List Open Files


If you try to unmount a partition and get a message like this:

# umount /media/usbdisk/
umount: /media/usbdisk: device is busy

use the lsof command to find out what programs are using what files:

# lsof /media/usbdisk/
bash    6925 root cwd  DIR   8,17 4096    1 /media/usbdisk/
xmms    6979 root cwd  DIR   8,17 4096    1 /media/usbdisk/

This shows that the programs bash and xmms are using the device. For an even clearer picture, use the device name rather than the mountpoint:

# lsof /dev/sdb1
bash    6925 root cwd  DIR   8,17    4096    1 /media/usbdisk
xmms    6979 root cwd  DIR   8,17    4096    1 /media/usbdisk
xmms    6979 root  8r  REG   8,17 2713101  377 /media/usbdisk/a.mp3

You either can wait until those processes exit or terminate them manually.


Jagadish Kavuturu


Comment viewing options

Select your preferred way to display the comments and click "Save settings" to activate your changes.

That's crazy! but what the hey, sometimes we're lazy :)

maskedfrog's picture

Thanx for the tip Anthony,
THAT will come in handy. The times I've waited for a cd to umount
and waited...and waited...and gave up and rebooted :-(
More apt to use in the examples shown though, waiting for a process to finish and don't want to forget to umount so just do it the "lazy" way.
Uptimes should shoot thru the roof now :-))


Hatta's picture

In my experience 'lsof' is extremely slow. So slow that I can log off and log back on before I'd expect lsof to finish. Are there any tricks to speed it up to the point that it's usable?

lsof is NOT slow at all.

VIKAS's picture

lsof is NOT slow at all.
I believe there would be other problems with your machine.

A very powerful command

SteveC's picture

The lsof command is far more powerful than the article implies. It's worth spending some time reading the documentation. My most common use is to locate connections with the -i option:

# all tcp connections
lsof -i tcp

# connections to mail server on
lsof -i

# What's connected to my PostgreSQL server via TCP/IP?
lsof -i :5432

# What is my browser connected to?
lsof -i :80

Killing with fuser

Anonymous's picture

    lsof +D [device]
shows nothing

you can use
    fuser -m [device]
to show processes that say that are using the device.

and you can use
    fuser -km [device]
to directly kill them all

Doesn't always work

Ivan V's picture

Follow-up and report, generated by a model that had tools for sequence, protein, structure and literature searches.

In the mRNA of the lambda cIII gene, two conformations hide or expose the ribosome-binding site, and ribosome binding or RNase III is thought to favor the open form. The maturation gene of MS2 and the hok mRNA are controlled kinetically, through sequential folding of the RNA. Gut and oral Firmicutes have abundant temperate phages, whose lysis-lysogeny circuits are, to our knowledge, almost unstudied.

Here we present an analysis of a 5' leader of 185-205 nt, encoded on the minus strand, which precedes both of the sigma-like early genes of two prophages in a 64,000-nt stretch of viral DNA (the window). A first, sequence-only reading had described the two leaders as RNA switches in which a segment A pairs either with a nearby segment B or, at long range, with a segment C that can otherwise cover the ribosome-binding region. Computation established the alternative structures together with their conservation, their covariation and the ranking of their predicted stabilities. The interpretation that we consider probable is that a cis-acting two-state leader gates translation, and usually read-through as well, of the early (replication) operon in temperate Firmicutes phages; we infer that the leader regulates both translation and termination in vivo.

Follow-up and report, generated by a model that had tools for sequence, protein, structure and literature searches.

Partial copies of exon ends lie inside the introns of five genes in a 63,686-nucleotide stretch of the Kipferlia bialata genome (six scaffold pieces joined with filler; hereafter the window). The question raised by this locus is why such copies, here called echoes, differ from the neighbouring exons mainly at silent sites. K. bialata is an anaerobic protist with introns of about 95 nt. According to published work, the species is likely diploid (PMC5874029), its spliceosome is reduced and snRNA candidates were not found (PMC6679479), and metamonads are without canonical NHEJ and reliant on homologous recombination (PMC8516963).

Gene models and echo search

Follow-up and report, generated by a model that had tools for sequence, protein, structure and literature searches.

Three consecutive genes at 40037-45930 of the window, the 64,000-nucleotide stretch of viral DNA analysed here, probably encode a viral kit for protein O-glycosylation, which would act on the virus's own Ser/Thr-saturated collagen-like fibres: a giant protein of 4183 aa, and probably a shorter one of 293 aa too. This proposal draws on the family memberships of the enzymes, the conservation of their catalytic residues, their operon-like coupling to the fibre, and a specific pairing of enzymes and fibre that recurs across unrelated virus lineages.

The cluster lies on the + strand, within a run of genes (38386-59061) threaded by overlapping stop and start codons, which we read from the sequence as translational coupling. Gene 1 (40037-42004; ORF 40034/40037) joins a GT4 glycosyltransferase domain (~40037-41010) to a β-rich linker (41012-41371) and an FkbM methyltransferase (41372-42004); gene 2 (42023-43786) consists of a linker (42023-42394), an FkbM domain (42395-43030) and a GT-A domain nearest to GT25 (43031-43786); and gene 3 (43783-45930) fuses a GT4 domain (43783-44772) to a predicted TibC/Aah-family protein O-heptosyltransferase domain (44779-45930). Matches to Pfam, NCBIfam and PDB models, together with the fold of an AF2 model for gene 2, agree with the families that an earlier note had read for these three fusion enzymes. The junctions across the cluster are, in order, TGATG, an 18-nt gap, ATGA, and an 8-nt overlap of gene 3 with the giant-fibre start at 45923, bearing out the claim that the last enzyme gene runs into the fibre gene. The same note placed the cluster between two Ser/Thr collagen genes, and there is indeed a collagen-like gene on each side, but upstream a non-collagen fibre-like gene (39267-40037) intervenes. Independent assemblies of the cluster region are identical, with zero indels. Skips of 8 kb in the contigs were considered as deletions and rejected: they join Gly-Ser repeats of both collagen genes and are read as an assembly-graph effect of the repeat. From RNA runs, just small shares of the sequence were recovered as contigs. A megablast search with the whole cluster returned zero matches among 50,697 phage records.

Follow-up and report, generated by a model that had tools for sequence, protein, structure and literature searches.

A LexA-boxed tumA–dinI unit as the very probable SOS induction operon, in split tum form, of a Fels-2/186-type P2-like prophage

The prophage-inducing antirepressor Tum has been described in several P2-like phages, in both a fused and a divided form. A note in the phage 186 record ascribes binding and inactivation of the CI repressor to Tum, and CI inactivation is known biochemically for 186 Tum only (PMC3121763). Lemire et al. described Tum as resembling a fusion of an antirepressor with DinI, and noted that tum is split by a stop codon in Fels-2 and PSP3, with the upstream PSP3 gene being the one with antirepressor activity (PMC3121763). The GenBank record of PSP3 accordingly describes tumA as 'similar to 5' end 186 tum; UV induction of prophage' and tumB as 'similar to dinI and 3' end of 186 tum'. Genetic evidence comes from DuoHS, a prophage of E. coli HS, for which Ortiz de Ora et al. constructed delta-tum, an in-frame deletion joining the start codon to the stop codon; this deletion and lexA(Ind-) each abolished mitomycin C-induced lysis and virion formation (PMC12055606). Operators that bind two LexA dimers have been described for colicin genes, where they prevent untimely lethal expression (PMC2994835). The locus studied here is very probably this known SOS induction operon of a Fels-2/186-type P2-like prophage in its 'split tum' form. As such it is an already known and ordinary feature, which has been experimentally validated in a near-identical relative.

Unfortunately, many times, neither lsof nor fuser have worked for me (the device says busy but nothing comes up)...

The only solution in those cases is for me to logoff or try to find a possible culprit.

Thanks! That's a cool trick!

Durand's picture

Thanks! That's a cool trick!

Thanks, a much needed tip.

Anonymous's picture

Thanks, a much needed tip.

Nice tip

vinit's picture

Thanks for the gr8 tip.

Short and to the point

Anonymous's picture

Short and to the point Howto. Nice.

Don't forget fuser!

Devin's picture

You can also use fuser if you know which directory or file is open and you want to find the offending process.

fuser [file]

You can also use the "lazy

Anthony Lawrence's picture

You can also use the "lazy umount" - see for examples.

One Click, Universal Protection: Implementing Centralized Security Policies on Linux Systems

As Linux continues to play an ever increasing role in corporate data centers and institutions, ensuring the integrity and protection of these systems must be a priority. With 60% of the world's websites and an increasing share of organization's mission-critical workloads running on Linux, failing to stop malware and other advanced threats on Linux can increasingly impact an organization's reputation and bottom line.

Learn More

Sponsored by Bit9

Linux Backup and Recovery Webinar

Most companies incorporate backup procedures for critical data, which can be restored quickly if a loss occurs. However, fewer companies are prepared for catastrophic system failures, in which they lose all data, the entire operating system, applications, settings, patches and more, reducing their system(s) to “bare metal.” After all, before data can be restored to a system, there must be a system to restore it to.

In this one hour webinar, learn how to enhance your existing backup strategies for better disaster recovery preparedness using Storix System Backup Administrator (SBAdmin), a highly flexible bare-metal recovery solution for UNIX and Linux systems.

Learn More

Sponsored by Storix